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COMMONWEALTH PENNSYLVANIA v. DAVID DUFFY (12/02/77)

decided: December 2, 1977.

COMMONWEALTH OF PENNSYLVANIA
v.
DAVID DUFFY, APPELLANT



NO. 597 APRIL TERM, 1975, Appeal from Judgment of Sentence of the Court of Common Pleas, Criminal Division, of Washington County, at No. 484 October Term, 1972.

COUNSEL

M. Richard Mellon, Pittsburgh, for appellant.

George E. Anthou, Assistant District Attorney, Canonsburg, and Jess D. Costa, District Attorney, Bentleyville, submitted a brief for Commonwealth, appellee.

Jacobs, Hoffman, Cercone, Price, Van der Voort and Spaeth, JJ. Hoffman, J., files a dissenting opinion in which Cercone and Spaeth, JJ., join.

Author: Van Der Voort

[ 252 Pa. Super. Page 150]

Appeal is taken to our Court from judgment of sentence rendered, following jury verdict and denial of post-trial motions, upon an indictment charging the crimes of accessory and receiving stolen property.*fn1 The charges stemmed from a December 4, 1972, burglarous entry into a gun shop in Eighty Four, Pa., and the removal therefrom of rifles, shotguns, handguns, and ammunition.

On the morning of trial, prior to voir dire, Judge GLADDEN and counsel met in the chambers of the court, where and when defense counsel mentioned that he had learned from the office of the District Attorney "that one of the prosecution witnesses might make some statement implicating me [counsel himself] in some way in the disposition of these weapons." (Quoting from the Notes of Testimony of

[ 252 Pa. Super. Page 151]

    the trial, p. 2).*fn2 The attorney for the Commonwealth stated his ignorance of the truth of the statement, agreed with defense counsel that it would be prejudicial, if used, and stated that the prosecution had no intention of permitting this testimony to be aired. And during trial, which began immediately after the above-referenced discussion in chambers and lasted from March 25 through 27, 1974, not the slightest hint of this allegation, either by direct statement or inference, was placed within the hearing of the jury. However, appellant now argues that he was denied effective assistance of counsel, and that his counsel was crippled in his ability to represent him due to the disclosure at trial of this unfounded allegation. The argument is wholly without merit because the jury never heard this charge, and thus in no way could it be prejudicial to either defendant or his counsel.*fn3 Appellant's present argument is undermined by the fact that counsel took no action to be relieved from serving, and we must conclude that his expressed belief that he was rendered unable to be an effective advocate was not recognized at the trial stage. Appellant suffered no prejudice, and was represented to the fullest extent by his counsel; there is no error. Appellant's second argument is that he was denied the presumption of innocence when the lower court in its charge referred to him as "prisoner".*fn4 The one use of the word "prisoner" arose in the court's discussion of the common law crime of accessory before the fact: "[E]ven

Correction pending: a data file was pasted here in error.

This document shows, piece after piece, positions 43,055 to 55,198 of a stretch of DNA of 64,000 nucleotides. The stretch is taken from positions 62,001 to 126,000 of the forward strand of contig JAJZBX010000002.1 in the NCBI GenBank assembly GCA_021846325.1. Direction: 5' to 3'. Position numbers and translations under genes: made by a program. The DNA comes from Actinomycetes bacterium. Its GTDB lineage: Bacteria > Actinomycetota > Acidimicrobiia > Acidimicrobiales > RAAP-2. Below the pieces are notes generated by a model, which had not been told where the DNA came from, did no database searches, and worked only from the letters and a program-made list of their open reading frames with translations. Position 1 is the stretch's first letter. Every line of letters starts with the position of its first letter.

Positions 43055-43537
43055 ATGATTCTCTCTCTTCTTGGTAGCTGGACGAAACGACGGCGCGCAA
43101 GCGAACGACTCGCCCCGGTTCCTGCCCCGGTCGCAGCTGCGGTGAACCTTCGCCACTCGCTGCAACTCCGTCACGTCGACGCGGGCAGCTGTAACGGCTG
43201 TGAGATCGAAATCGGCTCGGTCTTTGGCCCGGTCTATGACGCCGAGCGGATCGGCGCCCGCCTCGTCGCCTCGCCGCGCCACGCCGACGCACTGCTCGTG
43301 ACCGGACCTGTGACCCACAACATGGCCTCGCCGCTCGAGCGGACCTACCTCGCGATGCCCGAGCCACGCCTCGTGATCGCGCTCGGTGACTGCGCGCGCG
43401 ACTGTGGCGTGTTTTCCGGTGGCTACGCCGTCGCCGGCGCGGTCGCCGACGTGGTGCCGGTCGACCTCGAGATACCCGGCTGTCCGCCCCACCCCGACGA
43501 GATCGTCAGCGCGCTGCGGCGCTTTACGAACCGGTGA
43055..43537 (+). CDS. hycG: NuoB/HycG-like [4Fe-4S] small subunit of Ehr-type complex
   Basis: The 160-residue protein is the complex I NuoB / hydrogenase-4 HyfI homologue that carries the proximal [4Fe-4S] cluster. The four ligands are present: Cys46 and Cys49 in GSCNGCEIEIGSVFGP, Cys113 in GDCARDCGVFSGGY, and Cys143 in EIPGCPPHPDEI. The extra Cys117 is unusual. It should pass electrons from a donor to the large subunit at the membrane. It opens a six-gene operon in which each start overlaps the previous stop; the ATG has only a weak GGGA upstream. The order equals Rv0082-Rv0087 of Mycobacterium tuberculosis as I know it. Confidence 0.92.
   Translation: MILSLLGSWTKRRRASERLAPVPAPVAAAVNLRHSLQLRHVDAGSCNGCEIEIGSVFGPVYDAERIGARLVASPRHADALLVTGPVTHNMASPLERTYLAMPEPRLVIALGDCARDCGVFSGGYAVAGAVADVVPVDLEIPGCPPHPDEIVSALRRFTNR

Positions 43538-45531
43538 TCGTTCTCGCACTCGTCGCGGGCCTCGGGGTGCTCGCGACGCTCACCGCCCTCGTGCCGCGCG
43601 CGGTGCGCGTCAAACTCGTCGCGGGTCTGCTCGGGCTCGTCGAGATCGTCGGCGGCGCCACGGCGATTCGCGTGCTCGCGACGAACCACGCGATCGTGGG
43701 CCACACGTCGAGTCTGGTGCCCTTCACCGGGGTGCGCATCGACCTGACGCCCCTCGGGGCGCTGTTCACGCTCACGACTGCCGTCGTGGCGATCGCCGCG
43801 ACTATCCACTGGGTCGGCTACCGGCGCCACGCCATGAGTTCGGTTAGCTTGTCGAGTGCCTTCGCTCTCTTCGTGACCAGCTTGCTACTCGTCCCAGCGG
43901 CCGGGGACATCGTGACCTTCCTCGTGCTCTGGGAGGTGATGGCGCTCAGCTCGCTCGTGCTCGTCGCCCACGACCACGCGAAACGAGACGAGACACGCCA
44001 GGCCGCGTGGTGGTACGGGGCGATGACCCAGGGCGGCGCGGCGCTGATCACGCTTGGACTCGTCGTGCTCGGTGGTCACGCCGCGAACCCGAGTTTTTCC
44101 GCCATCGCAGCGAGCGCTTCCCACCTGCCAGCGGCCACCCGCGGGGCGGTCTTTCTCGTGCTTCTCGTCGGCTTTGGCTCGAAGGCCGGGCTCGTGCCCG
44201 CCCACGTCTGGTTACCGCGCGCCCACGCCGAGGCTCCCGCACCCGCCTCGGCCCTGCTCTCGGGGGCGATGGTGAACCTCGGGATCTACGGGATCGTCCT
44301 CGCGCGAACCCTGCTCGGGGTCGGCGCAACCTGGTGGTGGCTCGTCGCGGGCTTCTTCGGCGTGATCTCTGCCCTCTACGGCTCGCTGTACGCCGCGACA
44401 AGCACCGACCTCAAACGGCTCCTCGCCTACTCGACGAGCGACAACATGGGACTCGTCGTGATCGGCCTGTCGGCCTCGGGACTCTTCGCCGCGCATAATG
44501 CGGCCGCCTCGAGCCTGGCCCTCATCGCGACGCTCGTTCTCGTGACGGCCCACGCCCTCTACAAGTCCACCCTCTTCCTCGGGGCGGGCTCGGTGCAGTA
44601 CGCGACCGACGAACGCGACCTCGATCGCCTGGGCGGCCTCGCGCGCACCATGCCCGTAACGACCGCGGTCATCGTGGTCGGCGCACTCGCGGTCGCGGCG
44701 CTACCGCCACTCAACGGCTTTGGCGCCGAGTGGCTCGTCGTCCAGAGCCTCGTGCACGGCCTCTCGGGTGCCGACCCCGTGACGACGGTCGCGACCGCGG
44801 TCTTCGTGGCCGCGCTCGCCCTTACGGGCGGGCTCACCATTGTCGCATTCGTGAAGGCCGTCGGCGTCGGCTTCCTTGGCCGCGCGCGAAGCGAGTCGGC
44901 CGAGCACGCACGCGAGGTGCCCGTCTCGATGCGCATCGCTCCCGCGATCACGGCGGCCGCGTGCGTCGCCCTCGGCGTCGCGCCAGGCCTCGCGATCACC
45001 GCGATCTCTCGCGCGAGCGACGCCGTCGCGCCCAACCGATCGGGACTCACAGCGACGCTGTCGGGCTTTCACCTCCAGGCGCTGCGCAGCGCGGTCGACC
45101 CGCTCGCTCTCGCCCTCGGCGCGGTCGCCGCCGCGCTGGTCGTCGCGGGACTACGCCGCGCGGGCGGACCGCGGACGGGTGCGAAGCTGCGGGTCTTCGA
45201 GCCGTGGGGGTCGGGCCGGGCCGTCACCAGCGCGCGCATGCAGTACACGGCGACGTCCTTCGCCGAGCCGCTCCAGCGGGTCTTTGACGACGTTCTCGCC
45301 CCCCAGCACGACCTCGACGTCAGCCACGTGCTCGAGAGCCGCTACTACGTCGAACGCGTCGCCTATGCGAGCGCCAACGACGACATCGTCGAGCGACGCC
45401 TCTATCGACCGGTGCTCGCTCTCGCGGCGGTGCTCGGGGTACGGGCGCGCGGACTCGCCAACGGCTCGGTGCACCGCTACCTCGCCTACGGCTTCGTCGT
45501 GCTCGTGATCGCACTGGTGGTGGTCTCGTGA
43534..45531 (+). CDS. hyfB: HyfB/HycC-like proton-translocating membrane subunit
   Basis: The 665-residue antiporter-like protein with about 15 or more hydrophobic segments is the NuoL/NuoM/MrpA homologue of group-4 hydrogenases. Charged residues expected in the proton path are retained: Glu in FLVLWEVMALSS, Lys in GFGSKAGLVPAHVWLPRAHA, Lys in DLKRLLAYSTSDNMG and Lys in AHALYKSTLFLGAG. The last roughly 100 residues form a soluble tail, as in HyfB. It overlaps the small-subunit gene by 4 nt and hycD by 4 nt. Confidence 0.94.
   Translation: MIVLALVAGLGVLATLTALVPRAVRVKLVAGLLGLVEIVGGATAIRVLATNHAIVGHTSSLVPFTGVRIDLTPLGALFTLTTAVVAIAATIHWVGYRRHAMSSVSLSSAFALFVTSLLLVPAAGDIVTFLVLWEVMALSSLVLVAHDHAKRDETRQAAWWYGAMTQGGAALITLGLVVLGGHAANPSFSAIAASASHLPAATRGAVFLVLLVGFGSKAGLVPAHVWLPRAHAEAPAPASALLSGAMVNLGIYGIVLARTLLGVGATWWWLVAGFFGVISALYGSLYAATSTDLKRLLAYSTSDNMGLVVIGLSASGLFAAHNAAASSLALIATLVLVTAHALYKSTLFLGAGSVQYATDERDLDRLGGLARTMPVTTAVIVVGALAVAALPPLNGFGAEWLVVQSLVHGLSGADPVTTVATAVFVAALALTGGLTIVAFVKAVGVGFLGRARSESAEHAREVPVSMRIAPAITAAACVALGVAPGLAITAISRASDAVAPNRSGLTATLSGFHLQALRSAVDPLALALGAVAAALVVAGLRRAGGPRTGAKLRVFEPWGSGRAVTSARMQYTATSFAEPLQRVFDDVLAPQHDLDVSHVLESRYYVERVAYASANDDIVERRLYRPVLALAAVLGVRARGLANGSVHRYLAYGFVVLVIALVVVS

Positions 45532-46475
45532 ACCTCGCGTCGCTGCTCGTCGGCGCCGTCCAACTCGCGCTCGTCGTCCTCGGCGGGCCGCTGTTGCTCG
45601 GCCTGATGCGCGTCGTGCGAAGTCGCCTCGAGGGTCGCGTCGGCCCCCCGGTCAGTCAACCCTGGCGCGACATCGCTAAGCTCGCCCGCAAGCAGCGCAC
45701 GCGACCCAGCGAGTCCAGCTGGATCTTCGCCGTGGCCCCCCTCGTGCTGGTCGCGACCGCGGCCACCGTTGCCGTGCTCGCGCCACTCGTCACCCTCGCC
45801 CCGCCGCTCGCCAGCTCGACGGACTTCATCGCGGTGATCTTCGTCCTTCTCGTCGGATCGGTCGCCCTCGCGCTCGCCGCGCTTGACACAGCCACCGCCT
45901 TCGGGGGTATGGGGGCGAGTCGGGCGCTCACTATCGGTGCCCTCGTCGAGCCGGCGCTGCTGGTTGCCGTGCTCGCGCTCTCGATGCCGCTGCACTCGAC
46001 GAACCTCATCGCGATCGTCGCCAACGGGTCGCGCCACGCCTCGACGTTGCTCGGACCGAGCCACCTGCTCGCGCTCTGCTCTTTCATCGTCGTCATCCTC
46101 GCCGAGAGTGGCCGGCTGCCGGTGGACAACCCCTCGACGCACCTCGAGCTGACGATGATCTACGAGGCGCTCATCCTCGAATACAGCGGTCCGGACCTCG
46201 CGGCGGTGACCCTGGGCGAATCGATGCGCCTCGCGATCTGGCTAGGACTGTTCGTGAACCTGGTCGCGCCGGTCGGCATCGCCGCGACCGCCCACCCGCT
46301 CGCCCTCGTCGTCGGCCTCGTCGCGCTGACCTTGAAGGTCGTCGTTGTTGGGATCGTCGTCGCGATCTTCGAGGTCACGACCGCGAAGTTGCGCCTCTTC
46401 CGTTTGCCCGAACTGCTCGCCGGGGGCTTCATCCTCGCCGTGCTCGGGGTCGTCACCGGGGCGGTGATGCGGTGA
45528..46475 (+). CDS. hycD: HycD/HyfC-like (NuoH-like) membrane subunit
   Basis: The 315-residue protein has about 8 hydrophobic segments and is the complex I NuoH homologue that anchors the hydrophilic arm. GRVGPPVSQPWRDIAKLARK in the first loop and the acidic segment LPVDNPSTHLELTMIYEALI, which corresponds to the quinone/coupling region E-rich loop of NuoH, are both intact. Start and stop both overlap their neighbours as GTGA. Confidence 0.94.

[ 252 Pa. Super. Page 152]

    though the prisoner may not have been the actual perpetrator of the crime, if he falls within the definition of an accessory before the fact . . . then he is to be treated in law and in every respect as though he were in fact the person who committed the offense." (Quoting from the Notes of Testimony, p. 234). Following the jury's retirement for deliberation, the statement by the court was brought to its attention, albeit without formal objection or suggestion for amendment or correction. It is our duty to read the charge as a whole to determine if reversible error is to be found. Commonwealth v. Stoltzfus, 462 Pa. 43, 337 A.2d 873 (1975). So doing in the instant case, we conclude that the lower court, in its use in a single instance of the word "prisoner" in instructing the jury on the law pertaining to accessory before the fact has not erred. Repeated reference to a defendant as "the prisoner", could be prejudicial. While the accused or defendant is, to be sure, a "prisoner" in the sense of one being detained under arrest, while awaiting trial, that description of a person on trial is less desirable than "defendant" or "accused". Where, as here, it is used only once, and in a context where general instructions on a legal theory are being given, the term cannot sway the jurors' minds to a position of prejudice against the defendant. See Commonwealth v. Rumage, 359 Pa. 483, 59 A.2d 65 (1948).

Judgment of sentence affirmed.

HOFFMAN, Judge, dissenting:

I believe that a conflict of interest may have vitiated the effectiveness of the representation provided by appellant's trial counsel. Therefore, I dissent and would grant appellant a new trial.

On December 4, 1972, a burglary occurred at a gun shop in the town of Eighty Four, Washington County, Pennsylvania. Subsequently, Washington County authorities arrested appellant on charges of being an accessory before and after

[ 252 Pa. Super. Page 153]

    the fact of burglary and larceny, receiving stolen property, and conspiracy. Trial was scheduled for March 25, 1974, in the Washington County Court of Common Pleas. On that date, after selecting and seating a panel of jurors, but before conducting voir dire, the prosecutor, appellant's ...


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